If you are ready to put an offer on a Charlotte short sale, and the short sale has been accepted at a price that seems just right, you still shouldn’t breathe a sigh of relief since there are still the inspections to get over with.
Inspections are often the most critical, possibly deal-breaking point in a Charlotte short sale transaction where buyers could walk away from the deal.
What could have started out as a great deal could turn sour once the bank refuses to lower their price to make up for damages and defects that are uncovered during home inspections of the Charlotte short sale home.
As a buyer, here are some tactics you can use to turn the table to your favor in working with the parties involved:
1. Starting Day 1, ask for seller concessions. The short sale process officially begins once you submitted your purchase contract to the listing agent and once they have gathered the rest of the documents they need such as proof of funds, HUD, and prequalification. This will be your first opportunity to ask for concessions, to prepare yourself in the event that the bank won’t concede in lowering the asking price to make up for damages in the home.
Ask the title officer who prepared the HUD for your contract to add seller concessions. They could start with 3%. If you are financed, it will be very beneficial for you to add these concessions. You could still ask for concessions even if you are paying cash. They could say “No,” but in case they approve, the lender will have little room to budge and gives you some sort of a buffer as a buyer.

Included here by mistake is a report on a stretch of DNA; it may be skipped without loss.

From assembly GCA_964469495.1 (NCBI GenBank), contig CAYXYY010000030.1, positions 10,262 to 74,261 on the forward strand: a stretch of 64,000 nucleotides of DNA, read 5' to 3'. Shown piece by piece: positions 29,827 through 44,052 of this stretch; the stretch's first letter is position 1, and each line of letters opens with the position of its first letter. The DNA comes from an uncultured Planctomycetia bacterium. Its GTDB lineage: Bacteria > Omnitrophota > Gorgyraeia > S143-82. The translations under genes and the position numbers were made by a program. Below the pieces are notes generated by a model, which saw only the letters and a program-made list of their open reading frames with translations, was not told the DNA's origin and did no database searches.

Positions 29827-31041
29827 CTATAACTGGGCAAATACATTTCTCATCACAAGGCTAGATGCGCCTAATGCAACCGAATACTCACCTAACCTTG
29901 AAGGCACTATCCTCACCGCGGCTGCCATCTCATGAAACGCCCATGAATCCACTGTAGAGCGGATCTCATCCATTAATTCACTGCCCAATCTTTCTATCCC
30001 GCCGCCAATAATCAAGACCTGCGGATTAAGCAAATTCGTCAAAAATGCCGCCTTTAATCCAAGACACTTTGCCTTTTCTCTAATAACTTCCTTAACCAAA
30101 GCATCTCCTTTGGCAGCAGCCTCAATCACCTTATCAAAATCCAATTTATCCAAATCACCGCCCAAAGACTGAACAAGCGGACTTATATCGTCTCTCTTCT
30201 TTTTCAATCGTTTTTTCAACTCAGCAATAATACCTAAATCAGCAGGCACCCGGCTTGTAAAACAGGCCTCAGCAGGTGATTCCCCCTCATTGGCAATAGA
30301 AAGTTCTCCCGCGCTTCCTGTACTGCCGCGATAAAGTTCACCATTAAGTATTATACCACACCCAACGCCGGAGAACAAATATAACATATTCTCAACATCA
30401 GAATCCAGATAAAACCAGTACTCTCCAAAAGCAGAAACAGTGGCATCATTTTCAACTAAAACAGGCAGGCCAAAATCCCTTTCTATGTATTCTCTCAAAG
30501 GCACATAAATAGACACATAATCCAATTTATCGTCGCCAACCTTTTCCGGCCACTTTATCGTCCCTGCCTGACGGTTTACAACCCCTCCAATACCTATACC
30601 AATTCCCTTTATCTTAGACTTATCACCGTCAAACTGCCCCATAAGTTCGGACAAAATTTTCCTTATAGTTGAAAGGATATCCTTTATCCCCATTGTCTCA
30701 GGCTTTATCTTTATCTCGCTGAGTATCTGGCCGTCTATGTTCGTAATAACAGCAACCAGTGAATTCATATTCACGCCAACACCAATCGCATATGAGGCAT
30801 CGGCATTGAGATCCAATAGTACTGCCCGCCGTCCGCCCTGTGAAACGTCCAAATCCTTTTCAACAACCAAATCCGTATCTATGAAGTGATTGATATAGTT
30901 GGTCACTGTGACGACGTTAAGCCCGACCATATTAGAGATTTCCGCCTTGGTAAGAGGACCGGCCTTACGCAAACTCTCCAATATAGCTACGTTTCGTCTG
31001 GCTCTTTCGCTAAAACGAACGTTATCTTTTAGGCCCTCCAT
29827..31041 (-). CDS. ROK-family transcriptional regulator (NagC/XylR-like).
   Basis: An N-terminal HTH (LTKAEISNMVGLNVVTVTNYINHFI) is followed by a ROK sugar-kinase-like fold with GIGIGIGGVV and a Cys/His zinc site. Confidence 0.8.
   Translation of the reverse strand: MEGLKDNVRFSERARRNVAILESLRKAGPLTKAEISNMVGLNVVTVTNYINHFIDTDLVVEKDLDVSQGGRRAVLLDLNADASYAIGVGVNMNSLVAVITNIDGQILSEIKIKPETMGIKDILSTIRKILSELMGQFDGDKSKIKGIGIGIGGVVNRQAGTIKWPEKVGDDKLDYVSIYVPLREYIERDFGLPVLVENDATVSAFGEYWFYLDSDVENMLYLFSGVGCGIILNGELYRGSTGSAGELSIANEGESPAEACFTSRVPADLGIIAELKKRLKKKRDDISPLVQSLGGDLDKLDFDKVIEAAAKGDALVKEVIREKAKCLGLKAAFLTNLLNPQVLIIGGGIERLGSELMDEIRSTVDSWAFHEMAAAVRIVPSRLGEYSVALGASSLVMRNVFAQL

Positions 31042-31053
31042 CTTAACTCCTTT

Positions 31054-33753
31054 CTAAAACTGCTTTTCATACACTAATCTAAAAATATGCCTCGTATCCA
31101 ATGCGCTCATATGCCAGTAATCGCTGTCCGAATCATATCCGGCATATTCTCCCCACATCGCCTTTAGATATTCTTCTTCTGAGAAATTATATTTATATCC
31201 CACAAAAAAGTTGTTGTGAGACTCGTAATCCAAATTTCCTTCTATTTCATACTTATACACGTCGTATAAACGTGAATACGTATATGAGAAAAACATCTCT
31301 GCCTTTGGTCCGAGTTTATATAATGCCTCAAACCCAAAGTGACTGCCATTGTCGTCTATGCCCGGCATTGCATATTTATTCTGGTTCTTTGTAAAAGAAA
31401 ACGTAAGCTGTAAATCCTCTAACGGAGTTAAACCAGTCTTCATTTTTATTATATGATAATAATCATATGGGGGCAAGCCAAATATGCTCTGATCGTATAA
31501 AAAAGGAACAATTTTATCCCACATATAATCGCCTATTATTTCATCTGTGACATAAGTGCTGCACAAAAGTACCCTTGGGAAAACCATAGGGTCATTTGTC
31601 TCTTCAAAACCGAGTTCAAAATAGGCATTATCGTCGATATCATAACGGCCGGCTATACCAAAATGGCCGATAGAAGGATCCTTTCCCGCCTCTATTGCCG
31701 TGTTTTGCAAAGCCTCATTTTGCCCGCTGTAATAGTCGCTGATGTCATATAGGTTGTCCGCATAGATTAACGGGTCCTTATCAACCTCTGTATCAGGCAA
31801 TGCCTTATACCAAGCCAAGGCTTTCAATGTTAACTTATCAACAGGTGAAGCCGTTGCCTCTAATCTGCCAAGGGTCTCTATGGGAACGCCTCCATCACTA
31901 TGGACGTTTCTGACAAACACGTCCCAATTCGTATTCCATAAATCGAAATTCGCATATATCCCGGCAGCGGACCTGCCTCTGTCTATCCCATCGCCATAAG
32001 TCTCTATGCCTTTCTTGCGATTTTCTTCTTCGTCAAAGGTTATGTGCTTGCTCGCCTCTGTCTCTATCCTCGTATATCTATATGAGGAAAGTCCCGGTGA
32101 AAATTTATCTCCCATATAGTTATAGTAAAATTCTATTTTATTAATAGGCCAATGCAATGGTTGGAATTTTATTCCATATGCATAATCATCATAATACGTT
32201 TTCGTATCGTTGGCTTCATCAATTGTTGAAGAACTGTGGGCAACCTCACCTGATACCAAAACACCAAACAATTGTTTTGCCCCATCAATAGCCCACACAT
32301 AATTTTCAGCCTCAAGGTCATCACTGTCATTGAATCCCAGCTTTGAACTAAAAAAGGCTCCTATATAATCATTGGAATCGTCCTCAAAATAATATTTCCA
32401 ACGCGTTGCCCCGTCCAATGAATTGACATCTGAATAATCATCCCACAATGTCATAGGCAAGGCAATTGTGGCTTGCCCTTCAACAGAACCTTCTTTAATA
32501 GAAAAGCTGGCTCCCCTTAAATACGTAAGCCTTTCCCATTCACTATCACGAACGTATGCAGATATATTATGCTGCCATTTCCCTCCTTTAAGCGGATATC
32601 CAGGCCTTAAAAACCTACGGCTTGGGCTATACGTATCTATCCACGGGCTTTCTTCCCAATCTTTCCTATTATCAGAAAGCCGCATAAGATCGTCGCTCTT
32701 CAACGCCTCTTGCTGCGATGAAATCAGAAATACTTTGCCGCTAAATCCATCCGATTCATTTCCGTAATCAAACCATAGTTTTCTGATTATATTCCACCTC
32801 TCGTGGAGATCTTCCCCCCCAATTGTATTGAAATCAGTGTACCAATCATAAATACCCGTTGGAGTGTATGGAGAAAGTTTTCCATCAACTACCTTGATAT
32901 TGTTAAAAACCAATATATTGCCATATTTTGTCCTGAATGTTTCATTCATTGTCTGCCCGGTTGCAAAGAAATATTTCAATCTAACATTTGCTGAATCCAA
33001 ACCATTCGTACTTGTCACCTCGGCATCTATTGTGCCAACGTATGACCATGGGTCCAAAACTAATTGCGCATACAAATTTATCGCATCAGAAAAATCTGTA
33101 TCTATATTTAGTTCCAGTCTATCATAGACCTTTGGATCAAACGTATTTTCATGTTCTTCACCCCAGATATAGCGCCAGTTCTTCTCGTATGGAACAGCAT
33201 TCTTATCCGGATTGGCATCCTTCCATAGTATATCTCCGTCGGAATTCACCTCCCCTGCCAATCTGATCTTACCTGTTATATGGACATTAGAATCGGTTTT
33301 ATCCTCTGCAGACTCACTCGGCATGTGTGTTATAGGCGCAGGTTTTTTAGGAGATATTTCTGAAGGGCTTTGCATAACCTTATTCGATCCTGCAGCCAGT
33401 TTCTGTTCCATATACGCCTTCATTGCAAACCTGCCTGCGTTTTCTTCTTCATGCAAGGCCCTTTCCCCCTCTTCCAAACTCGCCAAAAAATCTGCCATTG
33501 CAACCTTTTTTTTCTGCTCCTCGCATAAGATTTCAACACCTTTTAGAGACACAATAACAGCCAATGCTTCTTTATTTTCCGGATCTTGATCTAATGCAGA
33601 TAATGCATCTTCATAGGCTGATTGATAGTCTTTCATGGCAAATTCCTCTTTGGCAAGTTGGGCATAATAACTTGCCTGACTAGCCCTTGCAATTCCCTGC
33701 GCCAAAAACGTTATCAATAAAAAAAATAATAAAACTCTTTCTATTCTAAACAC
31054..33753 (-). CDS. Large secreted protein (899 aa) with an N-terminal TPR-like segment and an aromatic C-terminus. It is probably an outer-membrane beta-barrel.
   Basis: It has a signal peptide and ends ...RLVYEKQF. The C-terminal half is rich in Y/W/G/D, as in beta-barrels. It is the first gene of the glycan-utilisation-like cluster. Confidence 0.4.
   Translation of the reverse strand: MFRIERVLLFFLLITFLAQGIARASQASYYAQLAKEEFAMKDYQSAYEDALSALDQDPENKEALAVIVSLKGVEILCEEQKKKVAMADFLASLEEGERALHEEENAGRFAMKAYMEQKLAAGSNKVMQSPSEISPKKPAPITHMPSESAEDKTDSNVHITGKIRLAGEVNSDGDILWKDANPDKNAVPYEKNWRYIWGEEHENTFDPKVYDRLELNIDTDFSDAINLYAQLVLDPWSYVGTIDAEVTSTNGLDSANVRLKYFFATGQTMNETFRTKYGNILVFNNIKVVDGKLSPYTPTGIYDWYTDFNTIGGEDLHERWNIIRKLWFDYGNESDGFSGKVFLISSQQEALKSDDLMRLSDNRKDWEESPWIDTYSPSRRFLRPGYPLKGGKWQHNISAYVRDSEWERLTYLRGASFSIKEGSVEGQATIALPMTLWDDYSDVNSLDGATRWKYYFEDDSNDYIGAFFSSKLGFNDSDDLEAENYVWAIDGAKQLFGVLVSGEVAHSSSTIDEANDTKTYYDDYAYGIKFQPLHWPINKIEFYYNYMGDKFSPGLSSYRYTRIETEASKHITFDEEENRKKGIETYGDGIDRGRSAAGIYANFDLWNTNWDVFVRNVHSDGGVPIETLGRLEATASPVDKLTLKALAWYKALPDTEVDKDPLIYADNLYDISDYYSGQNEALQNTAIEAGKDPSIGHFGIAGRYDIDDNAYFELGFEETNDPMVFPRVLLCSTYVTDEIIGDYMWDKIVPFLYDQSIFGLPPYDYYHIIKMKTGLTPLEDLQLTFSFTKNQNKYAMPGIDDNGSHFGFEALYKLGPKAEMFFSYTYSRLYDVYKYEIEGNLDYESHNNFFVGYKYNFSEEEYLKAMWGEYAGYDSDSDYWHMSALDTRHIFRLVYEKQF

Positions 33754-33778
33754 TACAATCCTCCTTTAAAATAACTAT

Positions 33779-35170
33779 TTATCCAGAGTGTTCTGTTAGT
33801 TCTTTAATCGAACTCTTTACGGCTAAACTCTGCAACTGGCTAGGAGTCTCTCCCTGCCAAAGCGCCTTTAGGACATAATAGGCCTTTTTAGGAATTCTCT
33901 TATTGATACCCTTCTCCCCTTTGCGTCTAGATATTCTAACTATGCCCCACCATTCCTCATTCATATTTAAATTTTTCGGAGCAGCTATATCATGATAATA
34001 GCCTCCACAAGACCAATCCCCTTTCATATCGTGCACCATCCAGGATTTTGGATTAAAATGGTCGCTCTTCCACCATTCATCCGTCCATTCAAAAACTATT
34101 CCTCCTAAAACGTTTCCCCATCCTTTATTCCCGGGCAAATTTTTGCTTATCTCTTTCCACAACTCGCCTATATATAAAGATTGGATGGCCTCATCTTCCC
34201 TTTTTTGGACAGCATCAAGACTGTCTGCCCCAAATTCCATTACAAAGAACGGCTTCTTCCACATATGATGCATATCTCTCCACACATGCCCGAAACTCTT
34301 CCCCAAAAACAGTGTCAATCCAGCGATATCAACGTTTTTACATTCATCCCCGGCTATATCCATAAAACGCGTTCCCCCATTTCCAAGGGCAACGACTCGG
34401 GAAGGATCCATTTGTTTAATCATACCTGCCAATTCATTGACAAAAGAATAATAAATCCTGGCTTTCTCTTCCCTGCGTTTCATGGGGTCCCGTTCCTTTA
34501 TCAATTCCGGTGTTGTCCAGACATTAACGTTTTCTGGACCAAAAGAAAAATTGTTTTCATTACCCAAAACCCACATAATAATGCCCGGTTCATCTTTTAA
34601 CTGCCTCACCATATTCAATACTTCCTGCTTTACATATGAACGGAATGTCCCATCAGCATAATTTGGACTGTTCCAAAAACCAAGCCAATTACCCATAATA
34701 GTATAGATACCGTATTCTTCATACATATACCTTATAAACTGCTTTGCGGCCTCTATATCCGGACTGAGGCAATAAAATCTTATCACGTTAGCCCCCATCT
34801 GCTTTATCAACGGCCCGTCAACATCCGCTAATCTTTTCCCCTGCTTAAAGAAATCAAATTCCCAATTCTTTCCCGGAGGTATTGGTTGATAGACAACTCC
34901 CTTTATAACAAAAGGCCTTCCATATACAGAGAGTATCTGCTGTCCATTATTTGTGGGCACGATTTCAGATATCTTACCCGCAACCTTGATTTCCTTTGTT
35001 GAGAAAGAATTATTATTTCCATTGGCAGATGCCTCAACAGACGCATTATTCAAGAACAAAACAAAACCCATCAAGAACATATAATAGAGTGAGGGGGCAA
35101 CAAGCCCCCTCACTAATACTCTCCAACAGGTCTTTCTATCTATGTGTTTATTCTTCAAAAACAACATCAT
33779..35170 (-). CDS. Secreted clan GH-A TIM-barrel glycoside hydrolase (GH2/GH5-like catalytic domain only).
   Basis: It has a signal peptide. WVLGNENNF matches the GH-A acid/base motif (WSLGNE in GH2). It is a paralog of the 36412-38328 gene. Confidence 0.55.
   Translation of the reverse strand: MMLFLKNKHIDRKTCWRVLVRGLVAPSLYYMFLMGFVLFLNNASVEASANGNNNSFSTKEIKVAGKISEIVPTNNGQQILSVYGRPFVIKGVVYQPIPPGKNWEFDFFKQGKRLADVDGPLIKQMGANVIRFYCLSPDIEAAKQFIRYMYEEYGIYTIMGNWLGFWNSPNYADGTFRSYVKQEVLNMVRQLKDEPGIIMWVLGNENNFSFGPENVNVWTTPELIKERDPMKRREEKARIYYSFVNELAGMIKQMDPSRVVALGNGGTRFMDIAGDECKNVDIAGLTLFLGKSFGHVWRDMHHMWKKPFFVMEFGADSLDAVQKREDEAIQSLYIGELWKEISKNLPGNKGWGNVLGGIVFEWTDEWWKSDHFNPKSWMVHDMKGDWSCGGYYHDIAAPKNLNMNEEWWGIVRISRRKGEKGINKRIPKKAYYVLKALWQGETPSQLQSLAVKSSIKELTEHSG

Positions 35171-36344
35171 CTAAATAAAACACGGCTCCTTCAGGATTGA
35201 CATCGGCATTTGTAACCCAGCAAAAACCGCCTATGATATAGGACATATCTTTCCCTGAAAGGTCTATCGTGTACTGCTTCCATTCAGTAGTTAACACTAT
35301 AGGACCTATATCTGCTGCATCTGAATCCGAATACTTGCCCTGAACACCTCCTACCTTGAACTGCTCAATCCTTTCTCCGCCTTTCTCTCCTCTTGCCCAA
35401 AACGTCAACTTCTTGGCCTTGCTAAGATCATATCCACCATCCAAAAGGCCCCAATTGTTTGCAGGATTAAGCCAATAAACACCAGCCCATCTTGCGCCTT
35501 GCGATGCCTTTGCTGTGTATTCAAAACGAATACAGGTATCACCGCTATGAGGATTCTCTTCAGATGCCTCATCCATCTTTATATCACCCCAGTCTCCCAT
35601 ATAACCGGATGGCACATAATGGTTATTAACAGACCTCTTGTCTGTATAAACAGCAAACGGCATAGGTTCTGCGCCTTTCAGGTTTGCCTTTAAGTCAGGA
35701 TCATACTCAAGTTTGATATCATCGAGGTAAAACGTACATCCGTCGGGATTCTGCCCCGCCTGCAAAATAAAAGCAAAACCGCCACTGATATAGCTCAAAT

2. Provide a Home Inspection report and repair cost estimate. The inspection period will start once the Charlotte short sale is approved. There is no difference on what you could negotiate during inspections of a short sale compared with a traditional sale.
The only difference is the deciding party with the last say is not the seller, but the lender or MI company. This means you are not trying to convince someone who is more aware of the property’s condition, but a company to accept a lower value than what they have already approved and accept more losses for the home.
Make it simpler for the lender by breaking down specifically what’s wrong with the Charlotte short sale home, how much it will cost to repair it, and submit a formal inspection report summary and a repair cost estimate done by a professional. Let’s say the total estimated repairs amounted to $10,000, and then you could probably ask $7,000 off from the home’s price. This will appear that you are willing to take less than what is needed for repairs and hope that the lender might concede to your request.
Even if the Charlotte short sale is being bought in an “as-is” condition, you still have the right to negotiate on the price. You are not asking the lenders to fix the home, just lower their price so you could still have enough left for repairs.
Couple this with comps of other similar Charlotte short sale homes, a new HUD, and a price addendum. Providing them with quantitative data will make it easier for them to decide on whether to accept your offer for a lower price.
Although we can’t control the final say of the lender in accepting your short sale offer, knowing and understanding the Charlotte short sale process will help you work it out to your advantage.